Nationality and Borders Bill - Report (2nd Day): Amendment 40 (2 Mar 2022)

Lord Brown of Eaton-under-Heywood: My Lords, I spoke at some length on the legal aspects of this group of clauses in Committee and, having had the advantage of being able to indicate an overall view of them in the newspapers earlier in the week, I really do not want to try the patience of the House, and I certainly do not want to weaken rather than strengthen the number of compelling arguments that have already been heard on...

Nationality and Borders Bill - Report (1st Day): Amendment 25 (28 Feb 2022)

Lord Brown of Eaton-under-Heywood: My Lords, I would not want that to be quite the last word. The speech made by my noble friend Lord Kerr was not merely powerful, it was compelling and irrefutable. As a matter of law, I have spoken on this before in Committee. I am not going to repeat all that, but do we really believe that the inhabitants of Blackpool, Doncaster or the deprived towns spoken of by the noble Lord, Lord Horam,...

Nationality and Borders Bill - Report (1st Day): Amendment 24 (28 Feb 2022)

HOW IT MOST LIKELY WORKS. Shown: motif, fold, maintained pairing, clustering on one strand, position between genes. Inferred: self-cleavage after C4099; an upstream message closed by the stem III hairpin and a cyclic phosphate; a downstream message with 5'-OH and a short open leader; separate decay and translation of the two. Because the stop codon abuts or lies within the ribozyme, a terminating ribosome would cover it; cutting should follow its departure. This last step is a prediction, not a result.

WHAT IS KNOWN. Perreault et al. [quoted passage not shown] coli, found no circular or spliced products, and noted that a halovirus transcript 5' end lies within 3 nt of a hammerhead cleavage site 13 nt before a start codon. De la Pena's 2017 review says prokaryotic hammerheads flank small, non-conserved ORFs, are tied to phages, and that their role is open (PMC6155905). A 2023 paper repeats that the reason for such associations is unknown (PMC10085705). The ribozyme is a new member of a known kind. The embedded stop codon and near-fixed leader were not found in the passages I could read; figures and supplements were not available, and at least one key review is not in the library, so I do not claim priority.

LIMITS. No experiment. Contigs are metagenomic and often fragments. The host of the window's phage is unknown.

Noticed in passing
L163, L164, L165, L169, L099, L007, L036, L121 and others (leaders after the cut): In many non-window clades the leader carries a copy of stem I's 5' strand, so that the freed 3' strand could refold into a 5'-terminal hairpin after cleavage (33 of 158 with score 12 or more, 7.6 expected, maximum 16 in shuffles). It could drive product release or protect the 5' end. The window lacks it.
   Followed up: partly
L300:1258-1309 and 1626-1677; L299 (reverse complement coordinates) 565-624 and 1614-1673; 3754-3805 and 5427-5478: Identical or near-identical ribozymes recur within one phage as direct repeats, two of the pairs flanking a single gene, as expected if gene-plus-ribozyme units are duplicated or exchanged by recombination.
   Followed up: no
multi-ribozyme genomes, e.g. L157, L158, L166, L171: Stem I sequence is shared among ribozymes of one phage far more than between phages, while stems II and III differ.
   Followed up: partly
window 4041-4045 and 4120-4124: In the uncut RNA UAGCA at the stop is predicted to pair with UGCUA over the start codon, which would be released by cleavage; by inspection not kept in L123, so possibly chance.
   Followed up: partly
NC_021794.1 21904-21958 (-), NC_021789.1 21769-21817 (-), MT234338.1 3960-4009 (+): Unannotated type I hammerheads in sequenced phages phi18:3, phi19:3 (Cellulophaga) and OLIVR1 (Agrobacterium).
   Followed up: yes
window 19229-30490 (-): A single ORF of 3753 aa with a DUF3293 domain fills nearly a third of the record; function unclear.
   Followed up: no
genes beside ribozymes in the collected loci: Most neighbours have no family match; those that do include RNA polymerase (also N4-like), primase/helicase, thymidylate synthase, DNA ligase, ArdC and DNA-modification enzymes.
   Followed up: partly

Lord Brown of Eaton-under-Heywood: Before the noble Lord sits down, do I understand that it is the Minister’s intention that, if this Bill is passed in its present form, in future no court shall look behind its provisions and consider what, under the convention and with the advice of UNHCR, its proper application and interpretation are? Is that the Minister’s intention?

Judicial Review and Courts Bill - Committee (1st Day): Amendment 2 (21 Feb 2022)

Lord Brown of Eaton-under-Heywood: I hesitate, my Lords, to speak again. I feel that so much of what has been said has been dancing on the head of a pin. I have to say that I have come to see new subsections (1)(a) and (1)(b) in new Section 29A in Clause 1 not as dramatically different things but rather as a continuum. They cover a spectrum; indeed, there is an overlap in between them, in the middle. There is no question here...

Judicial Review and Courts Bill - Committee (1st Day): Amendment 1 (21 Feb 2022)

Lord Brown of Eaton-under-Heywood: My Lords, I feel I have to rise at this juncture. I supported Clause 1 at Second Reading and continue to do so today. Like other noble Lords who have spoken since, the noble Lord, Lord Pannick, I suggest, puts the case against the clause altogether too high. I say that Clause 1 and the powers that it confers on the judiciary valuably would add to the judges’ discretion, their powers to do...

Dissolution and Calling of Parliament Bill - Report: Amendment 2 (9 Feb 2022)